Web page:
Death to the SAT?

22 08 2007

If the SAT has been statistically shown to be nothing but a shiny distraction, a mirror reflecting what we already know rather than a window to a brighter future of knowledge and wisdom and social progress, then are we smart enough to NOT show how smart we are with a shined-up test score?

The ever-controversial Charles Murray argues that society would be smarter, happier and most just if none of us had these shit-for-shinola scores in our heads in the first place.

The cognitive stratification of American society—for that’s what we’re talking about—was not a problem 100 years ago. . . (consider that in 1907 roughly half the adults with .high intelligence were housewives) . . .Because upper-middle-class families produce most of the smartest kids, there is no way to reform the system (short of disregarding intellectual ability altogether) to prevent their children from coming out on top. We can only make sure that high-ability students from disadvantaged backgrounds realize . . . that the system is not rigged.

The most immediate effect of getting rid of the SAT is to remove an extremely large and bright red herring. . .

Tobin Harshaw blogged it here yesterday for the NYT’s Opinionator, drawing this ad hominem flailing about from one commenter:

I’m assuming we’re talking about the very same creep of Herrnstein & Murray, The Bell Curve panderers of racism? (to read two excellent book-length exposures, try Gould’s The Mismeasure of Man and Alterman’s What Liberal Media).

So my question to the Times is, where do you come off giving extremist pseudo-scientists a center stage to spout on whatever they please? Who next–Savage? O’Reilly? Coulter?

Well, no, I hope even the SAT’s own academic experts would score that response as betraying inadequate reading comprehension. (And surely he meant
exposé, not exposure? Tsk.)

“Considering the source” is a legit part of critical thinking — a fun part, easy to write and get folks to read! –but praising an idea solely because of the source is intellectual pandering, and attacking a source in place of analyzing the source’s idea is intellectual pathos (from which, the SAT might expect college-quality readers and writers to know, comes the vocabulary word PATHETIC.)

Any idea can and should be examined quite apart from one’s lizard-brain feelings about how its political critics and champions line up. Intelligent feminists and journalists need to do this with “education” issues, for example, instead of blindly buying teacher union and other liberal rhetoric on public schooling, homeschooling and parent-family privacy issues.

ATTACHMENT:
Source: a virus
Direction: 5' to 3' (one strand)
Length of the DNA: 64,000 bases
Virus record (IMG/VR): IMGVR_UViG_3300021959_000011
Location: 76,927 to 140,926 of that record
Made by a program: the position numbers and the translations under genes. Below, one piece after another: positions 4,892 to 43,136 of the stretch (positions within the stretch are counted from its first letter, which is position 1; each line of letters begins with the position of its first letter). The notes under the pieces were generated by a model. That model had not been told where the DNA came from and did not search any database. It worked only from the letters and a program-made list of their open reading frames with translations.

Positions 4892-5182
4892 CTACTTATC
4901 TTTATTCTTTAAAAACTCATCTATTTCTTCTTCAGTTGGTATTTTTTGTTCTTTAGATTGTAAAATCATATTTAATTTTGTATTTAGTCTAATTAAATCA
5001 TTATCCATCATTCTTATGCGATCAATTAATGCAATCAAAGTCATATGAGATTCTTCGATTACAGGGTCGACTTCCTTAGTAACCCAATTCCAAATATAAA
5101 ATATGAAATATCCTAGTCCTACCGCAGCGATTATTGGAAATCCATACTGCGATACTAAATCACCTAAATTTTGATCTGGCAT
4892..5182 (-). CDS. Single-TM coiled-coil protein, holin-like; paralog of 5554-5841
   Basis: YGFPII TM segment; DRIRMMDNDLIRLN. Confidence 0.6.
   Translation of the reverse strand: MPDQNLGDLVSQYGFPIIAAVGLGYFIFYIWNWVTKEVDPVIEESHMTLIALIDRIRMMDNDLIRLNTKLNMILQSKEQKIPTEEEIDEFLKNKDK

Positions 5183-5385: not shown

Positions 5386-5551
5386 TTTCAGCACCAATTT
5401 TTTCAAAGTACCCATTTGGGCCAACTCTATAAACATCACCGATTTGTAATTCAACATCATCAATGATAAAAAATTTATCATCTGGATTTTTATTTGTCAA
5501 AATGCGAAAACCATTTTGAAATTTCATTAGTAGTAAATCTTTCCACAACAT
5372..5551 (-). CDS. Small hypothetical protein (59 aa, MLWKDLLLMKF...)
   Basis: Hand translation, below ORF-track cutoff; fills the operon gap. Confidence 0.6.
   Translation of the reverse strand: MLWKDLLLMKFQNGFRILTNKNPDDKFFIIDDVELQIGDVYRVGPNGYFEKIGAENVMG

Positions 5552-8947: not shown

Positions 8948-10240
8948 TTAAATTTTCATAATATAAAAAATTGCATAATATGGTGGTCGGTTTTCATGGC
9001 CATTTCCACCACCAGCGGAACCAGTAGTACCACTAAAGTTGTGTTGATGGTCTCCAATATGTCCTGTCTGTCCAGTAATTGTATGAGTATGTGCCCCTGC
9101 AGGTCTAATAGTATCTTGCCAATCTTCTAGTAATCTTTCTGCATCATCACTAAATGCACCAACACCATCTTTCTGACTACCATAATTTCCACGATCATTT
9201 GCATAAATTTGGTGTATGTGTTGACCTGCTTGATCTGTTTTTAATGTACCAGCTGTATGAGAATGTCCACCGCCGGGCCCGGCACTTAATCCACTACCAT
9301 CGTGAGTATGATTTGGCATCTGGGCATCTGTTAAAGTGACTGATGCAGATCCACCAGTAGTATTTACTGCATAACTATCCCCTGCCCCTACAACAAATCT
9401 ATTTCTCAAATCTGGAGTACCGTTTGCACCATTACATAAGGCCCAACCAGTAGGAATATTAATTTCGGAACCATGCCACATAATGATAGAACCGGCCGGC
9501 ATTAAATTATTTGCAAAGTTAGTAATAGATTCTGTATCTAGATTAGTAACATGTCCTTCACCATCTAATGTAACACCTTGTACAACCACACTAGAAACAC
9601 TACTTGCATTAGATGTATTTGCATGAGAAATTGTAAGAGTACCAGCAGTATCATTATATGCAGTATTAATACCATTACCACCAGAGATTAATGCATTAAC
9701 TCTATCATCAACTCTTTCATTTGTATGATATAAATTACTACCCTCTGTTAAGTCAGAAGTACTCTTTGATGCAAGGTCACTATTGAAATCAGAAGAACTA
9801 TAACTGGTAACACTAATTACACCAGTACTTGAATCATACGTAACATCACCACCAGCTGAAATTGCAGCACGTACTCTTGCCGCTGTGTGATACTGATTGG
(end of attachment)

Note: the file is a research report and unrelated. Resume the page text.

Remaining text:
Evolution can be studied and discussed beyond either praising or mocking Jesus, Darwin or the Pope. The meaning of life and death can be considered without ranting about Dr. Kevorkian; the meaning of war and peace can be considered as much larger than our personal feelings about Cindy Sheehan, George Washington, George Bush, Adolf Hitler or Jane Fonda.

Here’s my own effort at non-personal analysis of Murray’s ideas: if people intelligent and well-educated enough to be worthy of their own SAT scores cannot manage to separate the idea or policy issue from its celebrity face, then doesn’t that very failing tend to proves Murray’s point, that school and soci0economic success is more about class, than classical cognition about the classics?

So the comment I personally liked best –not that your feelings about me should influence your judgment! –was the first one after the post. It’s not only as progressively correct as ranting about O’Reilley and Coulter but also wiser, smarter and better “educated” by my lights, and with a decidedly unschooling sensibility to boot:

Getting rid of the SAT would force elite schools to look more carefully for youngsters capable of thinking beyond the received wisdom of the day.

Our elite schools are a real disappointment. They’re churning out generation after generation of leaders addicted to chronic unsuccessful warmaking, mad borrowing and spending, the promotion of family breakdown, and the institutionalization of politically speech and thought. Maybe all the SAT does is select out students with the best potential to learn, identify with and carry out the now failed wisdom of the past.

— Posted by Mark Klein, M.D.

p.s. – and if you can’t manage that level of non-personal erudition, at least use your higher order thinking skills in your PERSONAL erudition!! Example (I hope it’s not classist to suggest) here.



One response

10 11 2007
Quitting and Going Home: Failure, Success or Complicated? « Cocking A Snook!

[…] and Going Home: Failure, Success or Complicated? 10 11 2007 I was reading “Death to the SAT” today: “Considering the source” is a legit part of critical thinking — a fun part, easy to […]

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